12th Conference on Interactions of the Sea and Atmosphere


Aerosols, bubbles and sea spray production studies during the RED experiments

Gerrit De Leeuw, TNO Physics and Electronics Laboratory, The Hague, Netherlands; and M. Moerman, L. Cohen, B. Brooks, M. Smith, and E. Vignati

Aerosol and bubble measurements were undertaken during the RED (Rough Evaporation Duct) experiment in August/September 2001. RED took place at the Pacific at six miles from the northeast shore of Oahu, Hawaii. The measurements described here were made from the moored Floating Marine Physical Laboratory's Research Platform Floating Instrument Platform (FLIP). Aerosol size distributions were measured with optical particle counters. A volatility system was used to characterize the aerosol components, in particular to obtain information on the contribution of sea spray to the aerosol spectra. In combination with measured bubble size distributions, this information is used to study the bubble-mediated production of sea spray particles. An aerosol transport model is used to relate the derived source functions and measured concentrations. Backward trajectories show that the air masses encountered during the measurements had been over the ocean for at least three days, thus reducing the influence of continental sources. Results are compared with 'accepted' source functions currently used in, e.g., chemistry transport models.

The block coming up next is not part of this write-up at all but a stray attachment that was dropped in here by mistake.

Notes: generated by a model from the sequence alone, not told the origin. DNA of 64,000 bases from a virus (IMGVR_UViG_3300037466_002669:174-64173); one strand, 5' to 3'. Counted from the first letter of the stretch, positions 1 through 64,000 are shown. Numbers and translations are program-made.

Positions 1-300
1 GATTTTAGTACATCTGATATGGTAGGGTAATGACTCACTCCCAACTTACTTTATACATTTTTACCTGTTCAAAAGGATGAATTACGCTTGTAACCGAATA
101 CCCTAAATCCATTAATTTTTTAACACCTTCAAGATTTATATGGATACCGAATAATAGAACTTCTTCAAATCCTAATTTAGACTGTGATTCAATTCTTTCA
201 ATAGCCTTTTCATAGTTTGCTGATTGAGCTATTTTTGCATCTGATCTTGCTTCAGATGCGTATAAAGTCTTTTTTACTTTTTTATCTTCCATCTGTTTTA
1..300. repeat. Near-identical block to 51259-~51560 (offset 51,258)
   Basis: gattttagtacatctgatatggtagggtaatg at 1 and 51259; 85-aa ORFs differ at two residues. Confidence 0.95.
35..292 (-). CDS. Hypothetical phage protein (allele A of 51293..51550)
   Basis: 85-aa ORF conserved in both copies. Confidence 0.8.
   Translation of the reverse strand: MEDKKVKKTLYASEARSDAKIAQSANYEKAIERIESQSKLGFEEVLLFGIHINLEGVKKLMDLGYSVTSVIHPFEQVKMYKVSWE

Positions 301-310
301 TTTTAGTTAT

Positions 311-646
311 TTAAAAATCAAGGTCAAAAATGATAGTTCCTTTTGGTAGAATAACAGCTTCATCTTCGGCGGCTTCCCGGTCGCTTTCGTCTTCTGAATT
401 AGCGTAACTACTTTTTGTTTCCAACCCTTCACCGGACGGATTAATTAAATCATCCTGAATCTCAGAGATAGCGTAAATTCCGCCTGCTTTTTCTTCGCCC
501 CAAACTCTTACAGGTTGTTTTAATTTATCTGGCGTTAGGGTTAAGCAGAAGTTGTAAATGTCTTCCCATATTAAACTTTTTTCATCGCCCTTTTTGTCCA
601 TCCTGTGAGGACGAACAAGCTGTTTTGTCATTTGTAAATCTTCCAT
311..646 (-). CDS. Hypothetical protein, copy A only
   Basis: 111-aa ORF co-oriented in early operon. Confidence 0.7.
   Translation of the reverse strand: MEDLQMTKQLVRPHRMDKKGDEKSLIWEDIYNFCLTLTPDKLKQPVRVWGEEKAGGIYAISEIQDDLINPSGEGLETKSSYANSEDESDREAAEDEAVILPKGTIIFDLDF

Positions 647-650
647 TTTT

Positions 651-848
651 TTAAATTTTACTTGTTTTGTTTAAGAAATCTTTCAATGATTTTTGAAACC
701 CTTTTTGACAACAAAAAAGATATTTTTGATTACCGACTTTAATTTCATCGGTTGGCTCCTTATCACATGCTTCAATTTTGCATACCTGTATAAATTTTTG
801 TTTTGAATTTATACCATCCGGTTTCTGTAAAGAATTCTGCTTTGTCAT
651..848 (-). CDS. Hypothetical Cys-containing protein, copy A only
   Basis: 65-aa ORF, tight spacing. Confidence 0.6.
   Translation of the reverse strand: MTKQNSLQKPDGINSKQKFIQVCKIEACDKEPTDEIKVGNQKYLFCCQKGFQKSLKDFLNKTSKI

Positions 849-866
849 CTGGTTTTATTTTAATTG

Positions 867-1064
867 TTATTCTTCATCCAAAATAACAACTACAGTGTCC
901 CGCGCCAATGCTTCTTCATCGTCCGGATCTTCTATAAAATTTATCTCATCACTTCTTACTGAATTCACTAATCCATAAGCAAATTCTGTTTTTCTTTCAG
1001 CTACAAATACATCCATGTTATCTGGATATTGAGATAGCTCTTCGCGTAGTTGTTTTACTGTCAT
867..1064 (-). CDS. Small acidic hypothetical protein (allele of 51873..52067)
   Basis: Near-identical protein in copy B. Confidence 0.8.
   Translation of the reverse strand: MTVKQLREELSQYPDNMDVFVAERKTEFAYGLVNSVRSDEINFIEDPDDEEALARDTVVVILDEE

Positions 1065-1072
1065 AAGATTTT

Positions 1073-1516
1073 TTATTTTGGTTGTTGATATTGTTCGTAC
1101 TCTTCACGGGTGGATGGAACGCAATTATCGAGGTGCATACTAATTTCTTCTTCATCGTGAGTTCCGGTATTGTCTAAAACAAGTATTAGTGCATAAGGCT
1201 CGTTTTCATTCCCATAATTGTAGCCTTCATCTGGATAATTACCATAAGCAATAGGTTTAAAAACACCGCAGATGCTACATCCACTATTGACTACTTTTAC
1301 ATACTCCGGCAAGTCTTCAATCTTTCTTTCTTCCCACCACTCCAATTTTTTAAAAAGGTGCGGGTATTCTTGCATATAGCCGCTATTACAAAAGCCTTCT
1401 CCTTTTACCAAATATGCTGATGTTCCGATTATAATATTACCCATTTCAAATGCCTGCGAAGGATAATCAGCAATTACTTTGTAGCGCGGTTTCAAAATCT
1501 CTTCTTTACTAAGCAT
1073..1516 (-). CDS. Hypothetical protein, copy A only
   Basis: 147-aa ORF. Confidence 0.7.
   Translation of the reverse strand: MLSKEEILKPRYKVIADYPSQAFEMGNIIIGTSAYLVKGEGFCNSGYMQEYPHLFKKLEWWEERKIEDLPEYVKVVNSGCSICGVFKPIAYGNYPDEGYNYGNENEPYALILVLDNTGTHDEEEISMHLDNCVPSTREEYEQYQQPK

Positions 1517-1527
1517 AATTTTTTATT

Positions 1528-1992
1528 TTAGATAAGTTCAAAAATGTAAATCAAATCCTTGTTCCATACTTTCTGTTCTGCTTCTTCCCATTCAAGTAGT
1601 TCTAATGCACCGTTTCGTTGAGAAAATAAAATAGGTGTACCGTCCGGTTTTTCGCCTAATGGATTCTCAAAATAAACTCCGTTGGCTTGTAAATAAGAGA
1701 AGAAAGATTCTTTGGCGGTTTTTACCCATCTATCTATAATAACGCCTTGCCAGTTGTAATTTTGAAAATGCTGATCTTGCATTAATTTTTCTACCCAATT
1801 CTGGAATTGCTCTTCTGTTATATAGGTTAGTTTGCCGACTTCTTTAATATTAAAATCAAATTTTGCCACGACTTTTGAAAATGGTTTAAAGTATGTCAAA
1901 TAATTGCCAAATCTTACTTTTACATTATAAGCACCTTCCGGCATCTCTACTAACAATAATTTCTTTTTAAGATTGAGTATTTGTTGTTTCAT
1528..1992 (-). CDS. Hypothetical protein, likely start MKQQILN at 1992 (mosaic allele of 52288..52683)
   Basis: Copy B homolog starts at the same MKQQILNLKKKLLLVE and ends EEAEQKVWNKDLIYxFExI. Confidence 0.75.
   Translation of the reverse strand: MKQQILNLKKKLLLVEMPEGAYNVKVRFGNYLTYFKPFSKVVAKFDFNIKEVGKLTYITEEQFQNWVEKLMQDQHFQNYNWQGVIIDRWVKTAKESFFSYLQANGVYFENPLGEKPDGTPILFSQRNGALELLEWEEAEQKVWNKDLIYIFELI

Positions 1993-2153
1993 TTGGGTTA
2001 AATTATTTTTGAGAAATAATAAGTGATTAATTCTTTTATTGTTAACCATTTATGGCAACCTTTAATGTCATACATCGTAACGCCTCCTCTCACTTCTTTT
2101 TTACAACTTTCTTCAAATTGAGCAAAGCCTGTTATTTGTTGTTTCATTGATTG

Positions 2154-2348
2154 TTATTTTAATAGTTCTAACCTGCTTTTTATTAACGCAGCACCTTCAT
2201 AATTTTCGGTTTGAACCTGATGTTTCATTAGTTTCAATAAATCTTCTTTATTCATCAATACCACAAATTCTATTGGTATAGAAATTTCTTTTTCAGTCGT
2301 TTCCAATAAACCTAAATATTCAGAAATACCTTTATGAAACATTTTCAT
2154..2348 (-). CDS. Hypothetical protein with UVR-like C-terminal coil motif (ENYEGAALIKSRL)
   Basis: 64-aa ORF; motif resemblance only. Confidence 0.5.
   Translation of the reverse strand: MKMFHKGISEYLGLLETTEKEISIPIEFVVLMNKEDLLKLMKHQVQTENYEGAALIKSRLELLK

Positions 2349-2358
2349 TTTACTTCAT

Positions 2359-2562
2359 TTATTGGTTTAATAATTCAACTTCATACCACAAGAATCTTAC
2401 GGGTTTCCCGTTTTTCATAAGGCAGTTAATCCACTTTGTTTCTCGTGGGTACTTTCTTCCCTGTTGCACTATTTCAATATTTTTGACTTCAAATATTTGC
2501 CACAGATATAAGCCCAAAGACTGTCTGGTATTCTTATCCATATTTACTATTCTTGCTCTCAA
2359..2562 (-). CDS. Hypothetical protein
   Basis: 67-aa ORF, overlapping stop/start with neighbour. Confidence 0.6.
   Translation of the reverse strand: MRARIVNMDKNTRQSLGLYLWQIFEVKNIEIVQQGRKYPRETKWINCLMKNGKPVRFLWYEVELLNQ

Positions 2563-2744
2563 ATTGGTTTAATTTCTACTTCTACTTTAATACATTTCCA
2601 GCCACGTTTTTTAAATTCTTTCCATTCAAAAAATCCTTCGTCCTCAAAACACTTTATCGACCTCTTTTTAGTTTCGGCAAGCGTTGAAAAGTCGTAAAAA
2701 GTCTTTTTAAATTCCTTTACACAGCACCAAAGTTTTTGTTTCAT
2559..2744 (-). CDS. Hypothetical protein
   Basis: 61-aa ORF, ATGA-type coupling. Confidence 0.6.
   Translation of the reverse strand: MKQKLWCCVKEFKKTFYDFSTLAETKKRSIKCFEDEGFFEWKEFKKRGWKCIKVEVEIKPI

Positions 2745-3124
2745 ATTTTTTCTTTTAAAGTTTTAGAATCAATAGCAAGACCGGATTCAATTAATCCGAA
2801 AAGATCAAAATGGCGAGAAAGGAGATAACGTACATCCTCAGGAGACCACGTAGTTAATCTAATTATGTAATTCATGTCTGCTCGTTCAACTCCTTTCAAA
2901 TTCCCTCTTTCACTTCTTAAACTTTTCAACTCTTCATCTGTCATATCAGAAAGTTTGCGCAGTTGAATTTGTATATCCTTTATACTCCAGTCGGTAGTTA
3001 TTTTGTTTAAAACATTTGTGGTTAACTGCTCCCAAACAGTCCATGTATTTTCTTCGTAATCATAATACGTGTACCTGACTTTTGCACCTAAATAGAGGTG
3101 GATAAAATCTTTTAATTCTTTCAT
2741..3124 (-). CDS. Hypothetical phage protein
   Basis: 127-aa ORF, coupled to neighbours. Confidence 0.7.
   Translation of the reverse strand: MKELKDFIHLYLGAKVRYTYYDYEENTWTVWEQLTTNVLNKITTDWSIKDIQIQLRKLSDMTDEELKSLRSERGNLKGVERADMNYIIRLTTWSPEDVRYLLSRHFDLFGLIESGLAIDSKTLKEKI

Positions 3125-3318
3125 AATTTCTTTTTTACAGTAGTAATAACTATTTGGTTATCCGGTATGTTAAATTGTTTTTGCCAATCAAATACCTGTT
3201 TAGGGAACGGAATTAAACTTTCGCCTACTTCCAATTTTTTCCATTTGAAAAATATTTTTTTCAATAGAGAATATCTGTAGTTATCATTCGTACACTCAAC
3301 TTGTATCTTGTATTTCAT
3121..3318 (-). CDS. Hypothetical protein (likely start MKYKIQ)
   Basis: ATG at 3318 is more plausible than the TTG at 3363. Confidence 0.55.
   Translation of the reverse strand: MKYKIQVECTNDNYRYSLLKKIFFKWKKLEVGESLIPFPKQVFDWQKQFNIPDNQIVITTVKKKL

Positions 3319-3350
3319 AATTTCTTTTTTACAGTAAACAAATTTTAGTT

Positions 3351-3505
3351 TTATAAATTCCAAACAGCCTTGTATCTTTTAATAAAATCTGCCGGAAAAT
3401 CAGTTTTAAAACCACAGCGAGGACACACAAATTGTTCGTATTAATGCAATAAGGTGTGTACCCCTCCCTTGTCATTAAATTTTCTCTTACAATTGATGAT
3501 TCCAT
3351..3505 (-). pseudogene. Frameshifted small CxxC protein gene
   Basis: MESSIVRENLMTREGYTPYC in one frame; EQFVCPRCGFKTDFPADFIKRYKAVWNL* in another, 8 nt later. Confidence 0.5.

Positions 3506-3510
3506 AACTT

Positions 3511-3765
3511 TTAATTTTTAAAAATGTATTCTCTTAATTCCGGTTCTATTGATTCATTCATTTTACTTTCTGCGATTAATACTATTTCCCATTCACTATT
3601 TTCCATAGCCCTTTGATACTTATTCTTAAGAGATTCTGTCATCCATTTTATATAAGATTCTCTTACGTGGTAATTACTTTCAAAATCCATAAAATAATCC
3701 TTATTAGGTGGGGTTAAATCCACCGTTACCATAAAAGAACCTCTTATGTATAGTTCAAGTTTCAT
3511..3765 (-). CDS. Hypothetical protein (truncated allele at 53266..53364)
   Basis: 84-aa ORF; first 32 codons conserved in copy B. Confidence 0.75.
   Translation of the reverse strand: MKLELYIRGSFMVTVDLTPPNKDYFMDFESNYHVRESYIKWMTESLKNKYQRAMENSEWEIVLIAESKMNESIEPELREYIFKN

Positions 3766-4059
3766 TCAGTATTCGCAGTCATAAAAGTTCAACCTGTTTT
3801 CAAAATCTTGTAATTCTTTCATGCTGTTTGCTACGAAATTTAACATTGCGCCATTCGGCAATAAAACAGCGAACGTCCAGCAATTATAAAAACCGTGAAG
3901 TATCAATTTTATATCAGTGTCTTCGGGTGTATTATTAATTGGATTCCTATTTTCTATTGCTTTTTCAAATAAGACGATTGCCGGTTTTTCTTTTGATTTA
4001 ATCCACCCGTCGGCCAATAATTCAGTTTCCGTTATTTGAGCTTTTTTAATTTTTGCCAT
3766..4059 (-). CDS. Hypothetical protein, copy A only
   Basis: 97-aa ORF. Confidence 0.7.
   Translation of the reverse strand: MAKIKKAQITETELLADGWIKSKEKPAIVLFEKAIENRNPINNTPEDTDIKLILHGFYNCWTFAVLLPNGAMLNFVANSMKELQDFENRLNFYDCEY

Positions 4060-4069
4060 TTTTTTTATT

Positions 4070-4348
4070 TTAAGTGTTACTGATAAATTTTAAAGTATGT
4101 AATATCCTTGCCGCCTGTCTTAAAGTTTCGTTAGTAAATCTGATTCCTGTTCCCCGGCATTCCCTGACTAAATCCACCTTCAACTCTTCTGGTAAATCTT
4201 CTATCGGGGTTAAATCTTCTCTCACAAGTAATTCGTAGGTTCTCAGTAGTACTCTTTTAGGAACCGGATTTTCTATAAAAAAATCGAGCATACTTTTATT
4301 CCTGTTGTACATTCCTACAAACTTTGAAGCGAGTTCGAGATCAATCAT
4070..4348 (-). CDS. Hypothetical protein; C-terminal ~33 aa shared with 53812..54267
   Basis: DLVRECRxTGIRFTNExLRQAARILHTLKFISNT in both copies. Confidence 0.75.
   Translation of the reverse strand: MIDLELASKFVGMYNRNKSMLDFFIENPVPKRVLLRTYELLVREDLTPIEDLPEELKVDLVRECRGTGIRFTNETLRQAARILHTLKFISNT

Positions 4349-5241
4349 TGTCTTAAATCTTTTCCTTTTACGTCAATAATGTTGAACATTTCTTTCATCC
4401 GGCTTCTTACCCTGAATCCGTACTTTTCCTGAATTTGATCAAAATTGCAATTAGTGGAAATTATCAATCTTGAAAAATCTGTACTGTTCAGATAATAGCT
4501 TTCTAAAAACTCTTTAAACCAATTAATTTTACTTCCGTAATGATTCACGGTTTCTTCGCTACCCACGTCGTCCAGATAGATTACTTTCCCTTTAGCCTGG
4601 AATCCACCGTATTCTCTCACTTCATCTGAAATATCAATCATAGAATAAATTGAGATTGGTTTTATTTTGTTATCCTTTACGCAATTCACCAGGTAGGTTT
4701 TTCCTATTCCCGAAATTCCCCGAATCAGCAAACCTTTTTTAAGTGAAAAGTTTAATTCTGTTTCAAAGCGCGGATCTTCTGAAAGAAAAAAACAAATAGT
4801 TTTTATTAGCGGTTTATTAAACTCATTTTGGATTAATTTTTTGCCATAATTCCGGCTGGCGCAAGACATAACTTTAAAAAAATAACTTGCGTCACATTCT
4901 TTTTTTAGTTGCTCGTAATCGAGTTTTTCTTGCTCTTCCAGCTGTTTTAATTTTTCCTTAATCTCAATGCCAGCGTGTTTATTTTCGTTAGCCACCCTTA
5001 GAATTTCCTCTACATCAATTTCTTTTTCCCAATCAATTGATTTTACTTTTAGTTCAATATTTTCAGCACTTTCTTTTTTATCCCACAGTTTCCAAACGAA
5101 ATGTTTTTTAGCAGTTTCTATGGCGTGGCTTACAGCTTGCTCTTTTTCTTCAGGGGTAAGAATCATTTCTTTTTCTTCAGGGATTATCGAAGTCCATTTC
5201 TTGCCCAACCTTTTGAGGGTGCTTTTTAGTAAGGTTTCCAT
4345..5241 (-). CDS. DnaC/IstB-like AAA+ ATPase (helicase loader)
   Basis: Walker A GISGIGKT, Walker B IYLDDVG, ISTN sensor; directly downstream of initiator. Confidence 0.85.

extended abstract  Extended Abstract (592K)

Session 9, RED SEAS Experiments
Thursday, 13 February 2003, 8:30 AM-2:15 PM

Previous paper  Next paper

Browse or search entire meeting

AMS Home Page